Comedy was a little indifferent, but there were plenty of popular hits. Fast Times at Ridgemont High offered screwball comedy, coming of age insight, killer lines, a great soundtrack and memorable performances. In an era where the teen coming of age film would become a little dominated by John Hughes, Fast Times proved one that opened the doorway for that blend of riotous, near the knuckle comedy, with some heart too. Plus it’s got Phoebe Cates, and cinema needed/needs more Phoebe Cates.
Airplane 2 was a solid sequel in a way Grease 2 most definitely wasn’t. The King of Comedy was another stroke of brilliance from Martin Scorsese, in a decade that would feel oddly undervalued for the great auteur. Certainly, The King of Comedy wasn’t then appreciated for being quite the masterpiece it really is. It took a decade or two for people to fully appreciate just how great it is.
Diner was also underrated, a kind of American Graffiti-esque tale of youthful folly (albeit guys in their 20’s, rather than teens about to hit College). Diner also showcased the immense talent of Mickey Rourke whose 80’s output was impressive and eclectic, before his career hit the skids. Speaking of underrated and American Graffiti, Ron Howard (star of Lucas’ 1973 classic) took the directors chair for Night Shift, a star studded and underappreciated comedy that was an early standout for Michael Keaton.
The drama scene, as well as some of the aforementioned films, featured the Paul Newman/Sidney Lumet courtroom classic The Verdict, the unforgettable Sophie’s Choice (so much of which is anchored by Meryl Streep’s astonishing performance), The World According to Garp, The Draughtsman’s Contract (Peter Greenaway) and Ingmar Bergman’s last (and hefty) masterpiece Fanny and Alexander.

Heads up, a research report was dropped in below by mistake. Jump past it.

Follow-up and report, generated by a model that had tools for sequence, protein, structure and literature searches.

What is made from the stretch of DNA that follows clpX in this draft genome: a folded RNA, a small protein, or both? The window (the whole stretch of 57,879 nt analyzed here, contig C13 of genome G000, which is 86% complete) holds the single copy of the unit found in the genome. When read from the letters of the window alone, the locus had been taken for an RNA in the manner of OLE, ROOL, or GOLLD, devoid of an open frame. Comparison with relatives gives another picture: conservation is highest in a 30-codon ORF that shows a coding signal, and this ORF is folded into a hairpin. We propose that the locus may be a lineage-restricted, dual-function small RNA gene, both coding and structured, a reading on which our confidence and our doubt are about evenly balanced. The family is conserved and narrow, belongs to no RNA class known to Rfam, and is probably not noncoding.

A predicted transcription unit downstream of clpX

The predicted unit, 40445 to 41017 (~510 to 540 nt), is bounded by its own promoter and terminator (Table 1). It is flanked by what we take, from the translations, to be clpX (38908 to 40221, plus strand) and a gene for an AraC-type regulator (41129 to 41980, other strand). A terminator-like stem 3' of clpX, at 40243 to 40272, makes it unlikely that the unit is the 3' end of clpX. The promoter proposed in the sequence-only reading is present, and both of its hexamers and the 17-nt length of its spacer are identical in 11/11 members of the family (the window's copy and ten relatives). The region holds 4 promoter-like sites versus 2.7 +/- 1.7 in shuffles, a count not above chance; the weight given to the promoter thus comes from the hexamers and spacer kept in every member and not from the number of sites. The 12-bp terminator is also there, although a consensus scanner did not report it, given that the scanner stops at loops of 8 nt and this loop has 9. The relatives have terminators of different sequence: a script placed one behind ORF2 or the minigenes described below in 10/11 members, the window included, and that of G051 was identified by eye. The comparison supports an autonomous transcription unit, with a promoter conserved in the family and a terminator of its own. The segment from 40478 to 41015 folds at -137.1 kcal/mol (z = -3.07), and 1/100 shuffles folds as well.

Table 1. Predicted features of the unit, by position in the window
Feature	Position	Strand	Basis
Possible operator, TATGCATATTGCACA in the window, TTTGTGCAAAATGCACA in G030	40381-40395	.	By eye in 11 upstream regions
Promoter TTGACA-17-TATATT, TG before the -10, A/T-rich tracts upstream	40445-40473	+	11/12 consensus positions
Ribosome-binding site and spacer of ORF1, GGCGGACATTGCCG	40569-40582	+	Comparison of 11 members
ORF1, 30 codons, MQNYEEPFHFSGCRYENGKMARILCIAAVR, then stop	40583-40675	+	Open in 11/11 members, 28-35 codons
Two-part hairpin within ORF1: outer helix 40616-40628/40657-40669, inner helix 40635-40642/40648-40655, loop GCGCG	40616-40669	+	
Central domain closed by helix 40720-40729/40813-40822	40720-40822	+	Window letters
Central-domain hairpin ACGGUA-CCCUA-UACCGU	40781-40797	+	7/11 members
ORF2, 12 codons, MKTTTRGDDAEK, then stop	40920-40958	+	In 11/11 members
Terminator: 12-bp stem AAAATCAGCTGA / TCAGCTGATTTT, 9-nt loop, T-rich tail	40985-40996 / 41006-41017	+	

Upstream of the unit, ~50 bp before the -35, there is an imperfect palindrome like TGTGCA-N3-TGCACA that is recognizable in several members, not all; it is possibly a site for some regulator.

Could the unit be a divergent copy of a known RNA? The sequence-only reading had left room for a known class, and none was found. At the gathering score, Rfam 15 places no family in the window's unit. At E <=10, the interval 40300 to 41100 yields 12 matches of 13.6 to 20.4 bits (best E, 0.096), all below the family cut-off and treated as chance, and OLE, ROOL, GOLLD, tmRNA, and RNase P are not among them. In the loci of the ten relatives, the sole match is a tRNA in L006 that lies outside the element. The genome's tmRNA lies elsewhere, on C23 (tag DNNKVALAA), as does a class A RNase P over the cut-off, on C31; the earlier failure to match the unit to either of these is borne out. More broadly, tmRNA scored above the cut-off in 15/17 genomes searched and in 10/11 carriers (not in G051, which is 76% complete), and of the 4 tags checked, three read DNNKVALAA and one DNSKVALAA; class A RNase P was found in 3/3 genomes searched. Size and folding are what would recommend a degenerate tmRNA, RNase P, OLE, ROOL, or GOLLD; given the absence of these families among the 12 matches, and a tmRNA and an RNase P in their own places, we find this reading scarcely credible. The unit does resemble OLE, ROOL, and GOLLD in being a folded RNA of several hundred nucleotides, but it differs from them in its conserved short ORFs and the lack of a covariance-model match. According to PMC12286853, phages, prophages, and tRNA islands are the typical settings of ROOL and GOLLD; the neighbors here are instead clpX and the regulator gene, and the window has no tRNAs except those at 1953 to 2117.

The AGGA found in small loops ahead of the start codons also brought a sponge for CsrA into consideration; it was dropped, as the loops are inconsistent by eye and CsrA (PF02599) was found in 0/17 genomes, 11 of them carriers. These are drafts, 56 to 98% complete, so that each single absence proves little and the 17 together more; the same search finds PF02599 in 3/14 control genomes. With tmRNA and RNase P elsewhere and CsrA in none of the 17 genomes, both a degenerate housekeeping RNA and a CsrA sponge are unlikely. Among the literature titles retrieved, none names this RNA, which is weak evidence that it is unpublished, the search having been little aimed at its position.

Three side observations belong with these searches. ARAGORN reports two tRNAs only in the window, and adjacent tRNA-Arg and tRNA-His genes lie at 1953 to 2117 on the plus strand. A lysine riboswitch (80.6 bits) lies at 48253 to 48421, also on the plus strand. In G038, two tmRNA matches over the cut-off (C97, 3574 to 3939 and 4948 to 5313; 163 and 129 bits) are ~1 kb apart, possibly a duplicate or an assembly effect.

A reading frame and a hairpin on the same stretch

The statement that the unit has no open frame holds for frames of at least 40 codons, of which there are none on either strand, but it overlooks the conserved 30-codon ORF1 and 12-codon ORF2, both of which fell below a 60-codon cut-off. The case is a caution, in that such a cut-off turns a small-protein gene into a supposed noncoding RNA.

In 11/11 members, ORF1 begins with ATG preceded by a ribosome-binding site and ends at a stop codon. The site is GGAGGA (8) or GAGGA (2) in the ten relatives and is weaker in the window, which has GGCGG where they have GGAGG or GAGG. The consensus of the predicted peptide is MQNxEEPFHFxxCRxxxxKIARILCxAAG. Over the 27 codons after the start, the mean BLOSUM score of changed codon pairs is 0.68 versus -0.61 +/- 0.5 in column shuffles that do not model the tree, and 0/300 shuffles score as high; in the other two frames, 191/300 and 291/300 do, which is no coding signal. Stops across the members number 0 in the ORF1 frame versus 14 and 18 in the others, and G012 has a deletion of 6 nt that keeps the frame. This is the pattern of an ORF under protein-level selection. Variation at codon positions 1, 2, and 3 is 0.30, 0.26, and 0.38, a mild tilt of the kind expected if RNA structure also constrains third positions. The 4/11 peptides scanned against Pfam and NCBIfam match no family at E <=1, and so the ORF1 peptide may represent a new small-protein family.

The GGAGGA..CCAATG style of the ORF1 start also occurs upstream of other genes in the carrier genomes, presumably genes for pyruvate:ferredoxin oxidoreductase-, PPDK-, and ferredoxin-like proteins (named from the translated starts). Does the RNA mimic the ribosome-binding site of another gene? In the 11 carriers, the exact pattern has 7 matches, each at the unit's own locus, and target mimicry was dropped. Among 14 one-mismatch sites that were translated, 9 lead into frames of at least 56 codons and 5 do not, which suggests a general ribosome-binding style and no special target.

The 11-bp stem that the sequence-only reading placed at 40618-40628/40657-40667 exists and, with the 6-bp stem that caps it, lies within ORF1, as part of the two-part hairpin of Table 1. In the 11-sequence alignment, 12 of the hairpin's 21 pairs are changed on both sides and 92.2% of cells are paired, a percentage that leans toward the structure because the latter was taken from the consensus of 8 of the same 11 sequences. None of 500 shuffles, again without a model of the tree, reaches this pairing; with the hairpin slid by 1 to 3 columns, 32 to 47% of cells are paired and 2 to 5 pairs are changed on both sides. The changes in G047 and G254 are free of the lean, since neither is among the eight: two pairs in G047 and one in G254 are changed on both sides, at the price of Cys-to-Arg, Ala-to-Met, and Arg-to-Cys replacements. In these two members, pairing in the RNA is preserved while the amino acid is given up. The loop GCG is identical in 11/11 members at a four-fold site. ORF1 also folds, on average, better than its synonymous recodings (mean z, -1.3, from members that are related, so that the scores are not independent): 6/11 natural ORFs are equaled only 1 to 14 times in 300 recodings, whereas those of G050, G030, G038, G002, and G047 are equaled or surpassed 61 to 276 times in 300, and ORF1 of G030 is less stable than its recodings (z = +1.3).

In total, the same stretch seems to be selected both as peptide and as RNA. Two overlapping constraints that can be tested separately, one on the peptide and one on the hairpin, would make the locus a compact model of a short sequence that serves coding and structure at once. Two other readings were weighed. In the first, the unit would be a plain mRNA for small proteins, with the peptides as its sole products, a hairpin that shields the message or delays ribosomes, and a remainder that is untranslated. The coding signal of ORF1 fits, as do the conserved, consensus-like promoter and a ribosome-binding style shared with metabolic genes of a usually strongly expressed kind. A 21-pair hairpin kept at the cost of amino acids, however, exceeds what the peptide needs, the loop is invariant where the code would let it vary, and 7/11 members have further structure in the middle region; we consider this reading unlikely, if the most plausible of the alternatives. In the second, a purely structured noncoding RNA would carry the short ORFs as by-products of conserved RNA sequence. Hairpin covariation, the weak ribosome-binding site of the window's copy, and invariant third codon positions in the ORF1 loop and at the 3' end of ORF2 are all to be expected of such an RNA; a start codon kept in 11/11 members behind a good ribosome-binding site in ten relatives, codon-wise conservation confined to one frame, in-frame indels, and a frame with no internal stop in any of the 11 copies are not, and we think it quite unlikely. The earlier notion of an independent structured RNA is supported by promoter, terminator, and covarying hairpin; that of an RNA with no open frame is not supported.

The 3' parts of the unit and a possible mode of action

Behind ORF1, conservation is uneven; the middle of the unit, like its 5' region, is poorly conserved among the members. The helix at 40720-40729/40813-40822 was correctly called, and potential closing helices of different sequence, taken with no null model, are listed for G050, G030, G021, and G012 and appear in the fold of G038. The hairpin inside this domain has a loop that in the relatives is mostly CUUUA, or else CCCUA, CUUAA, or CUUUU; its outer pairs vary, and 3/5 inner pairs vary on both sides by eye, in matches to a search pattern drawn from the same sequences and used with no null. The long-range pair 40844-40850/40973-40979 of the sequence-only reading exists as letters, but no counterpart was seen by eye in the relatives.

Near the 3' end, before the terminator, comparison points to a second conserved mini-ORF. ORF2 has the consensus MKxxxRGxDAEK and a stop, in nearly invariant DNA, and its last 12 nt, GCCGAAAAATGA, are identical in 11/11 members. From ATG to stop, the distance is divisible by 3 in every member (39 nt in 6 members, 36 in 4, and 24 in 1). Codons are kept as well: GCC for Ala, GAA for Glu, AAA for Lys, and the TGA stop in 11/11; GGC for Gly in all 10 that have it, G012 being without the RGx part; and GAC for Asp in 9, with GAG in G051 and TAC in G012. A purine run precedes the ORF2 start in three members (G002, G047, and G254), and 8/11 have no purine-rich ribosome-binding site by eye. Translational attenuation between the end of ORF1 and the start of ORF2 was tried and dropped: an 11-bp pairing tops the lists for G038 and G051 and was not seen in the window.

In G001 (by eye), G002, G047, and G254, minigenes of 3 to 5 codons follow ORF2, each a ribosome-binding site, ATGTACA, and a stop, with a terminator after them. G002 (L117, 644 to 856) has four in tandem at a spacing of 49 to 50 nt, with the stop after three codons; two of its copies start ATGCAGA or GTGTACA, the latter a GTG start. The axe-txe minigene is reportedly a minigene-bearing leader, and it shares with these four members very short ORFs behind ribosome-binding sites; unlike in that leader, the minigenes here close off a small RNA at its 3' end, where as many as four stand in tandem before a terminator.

What are your favourite films from 1982? Let us know your thoughts on our social channels @FlickeringMyth…
Tom Jolliffe is an award winning screenwriter and passionate cinephile. He has a number of films out on DVD/VOD around the world and several releases due out in 2021/2022, including, Renegades (Lee Majors, Danny Trejo, Michael Pare, Tiny Lister, Nick Moran, Patsy Kensit, Ian Ogilvy and Billy Murray), Crackdown, When Darkness Falls and War of The Worlds: The Attack (Vincent Regan). Find more info at the best personal site you’ll ever see here.